Stoptober, a yearly campaign created by Public Health England (PHE) launched in 2012, encourages smokers in the UK and across the globe to quit smoking for the month of October. The idea behind it is that if they manage to quit smoking for a month they would be filled with renewed confidence, as research has indicated that if a smoker can quit for 28 days, they are more likely to quit for good.
“This year’s Stoptober will look and feel quite different to previous campaigns. Firstly, it will carry the new ‘Better Health’ branding which has been created to support a national health reset moment that launched at the end of July with a focus on obesity. This new branding approach responds to new challenges brought about by the COVID-19 pandemic and the impact it’s had on people’s health behaviours,” reads the campaign’s intro.
This year the campaign also seeks to be more successful by addressing the needs of different age groups differently. “Secondly, this year we will focus on two distinct audiences who we know from our research have different views and motivations toward making a quit attempt: a primary audience of smokers aged 35 to 60 and a secondary audience of younger smokers aged 18 to 34 (both focusing on C2DE socio-economic groups).”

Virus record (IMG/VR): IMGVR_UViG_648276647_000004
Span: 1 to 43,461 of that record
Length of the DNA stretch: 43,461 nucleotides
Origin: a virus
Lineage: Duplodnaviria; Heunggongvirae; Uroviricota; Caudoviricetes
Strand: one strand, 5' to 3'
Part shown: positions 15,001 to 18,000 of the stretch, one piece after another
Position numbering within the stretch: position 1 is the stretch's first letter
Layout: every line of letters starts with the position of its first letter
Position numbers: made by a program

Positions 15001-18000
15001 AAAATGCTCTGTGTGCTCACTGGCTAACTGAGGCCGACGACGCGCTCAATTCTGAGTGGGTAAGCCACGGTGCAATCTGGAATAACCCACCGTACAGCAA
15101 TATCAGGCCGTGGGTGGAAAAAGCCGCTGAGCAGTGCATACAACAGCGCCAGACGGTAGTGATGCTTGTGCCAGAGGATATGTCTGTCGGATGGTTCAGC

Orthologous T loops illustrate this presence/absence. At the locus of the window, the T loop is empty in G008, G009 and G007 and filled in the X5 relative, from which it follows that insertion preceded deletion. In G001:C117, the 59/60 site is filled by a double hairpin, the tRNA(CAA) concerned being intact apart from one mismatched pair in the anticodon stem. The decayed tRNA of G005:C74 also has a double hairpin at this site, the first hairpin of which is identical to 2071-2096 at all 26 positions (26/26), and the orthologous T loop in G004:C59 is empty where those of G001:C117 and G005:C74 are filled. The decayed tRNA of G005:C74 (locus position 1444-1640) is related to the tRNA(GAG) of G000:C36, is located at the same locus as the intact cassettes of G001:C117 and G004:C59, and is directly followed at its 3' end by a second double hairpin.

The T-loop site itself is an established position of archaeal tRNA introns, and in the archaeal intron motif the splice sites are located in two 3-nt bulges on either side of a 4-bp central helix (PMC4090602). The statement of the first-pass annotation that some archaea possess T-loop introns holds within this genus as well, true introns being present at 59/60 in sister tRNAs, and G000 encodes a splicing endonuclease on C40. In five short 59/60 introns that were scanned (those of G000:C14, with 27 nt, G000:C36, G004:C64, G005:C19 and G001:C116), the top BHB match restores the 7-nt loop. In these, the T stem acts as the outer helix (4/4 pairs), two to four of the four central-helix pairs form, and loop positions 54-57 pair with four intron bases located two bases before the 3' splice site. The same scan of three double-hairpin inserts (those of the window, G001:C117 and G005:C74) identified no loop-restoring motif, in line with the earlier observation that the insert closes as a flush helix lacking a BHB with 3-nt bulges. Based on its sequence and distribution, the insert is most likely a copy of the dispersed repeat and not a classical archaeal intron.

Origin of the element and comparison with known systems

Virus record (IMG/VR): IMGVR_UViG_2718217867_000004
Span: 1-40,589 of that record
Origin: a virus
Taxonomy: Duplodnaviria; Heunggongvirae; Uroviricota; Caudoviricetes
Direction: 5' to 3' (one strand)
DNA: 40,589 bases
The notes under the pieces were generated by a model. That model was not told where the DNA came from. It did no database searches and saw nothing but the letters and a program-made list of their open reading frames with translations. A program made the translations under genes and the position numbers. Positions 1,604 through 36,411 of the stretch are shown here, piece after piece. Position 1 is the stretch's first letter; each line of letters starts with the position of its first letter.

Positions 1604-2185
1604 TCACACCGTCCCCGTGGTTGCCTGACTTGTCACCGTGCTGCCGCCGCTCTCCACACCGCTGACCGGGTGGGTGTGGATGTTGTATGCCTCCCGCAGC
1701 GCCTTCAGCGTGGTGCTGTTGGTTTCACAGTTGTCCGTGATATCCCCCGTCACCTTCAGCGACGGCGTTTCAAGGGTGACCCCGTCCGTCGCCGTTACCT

Stoptober gets results
“Stoptober gets some real cut-through in the UK, helping many smokers to successfully quit. In New Zealand we hear a lot about ‘Dry July’ every year. However, it’s time the Government once again got in behind Stoptober, with this year presenting a unique opportunity given Covid-19,” she said.
Smoking cessation is currently more important than ever
Loucas added that given the current pandemic, decreasing smoking rates is more important than ever. “Given the global pandemic, it’s well established that the best thing smokers can do to protect their heath and boost their immune system is to kick their cigarettes. In fact, more now want to as Covid-19 has made people much more cognisant of their personal health and vulnerability to illness.”
“Over two million British smokers have made a ‘quit attempt’ since Stoptober began eight years ago, and today their overall smoking rate is 13.9% – a record low. New Zealand’s rate might be lower at 12.5%, and we may have kept Covid-19 largely at bay, but let’s not forget 5,000 Kiwis still die every year from smoking-related illnesses. 2020 would’ve been a perfect year for the Ministry of Health to get in behind Stoptober, but unfortunately they completely missed the boat,” added Loucas.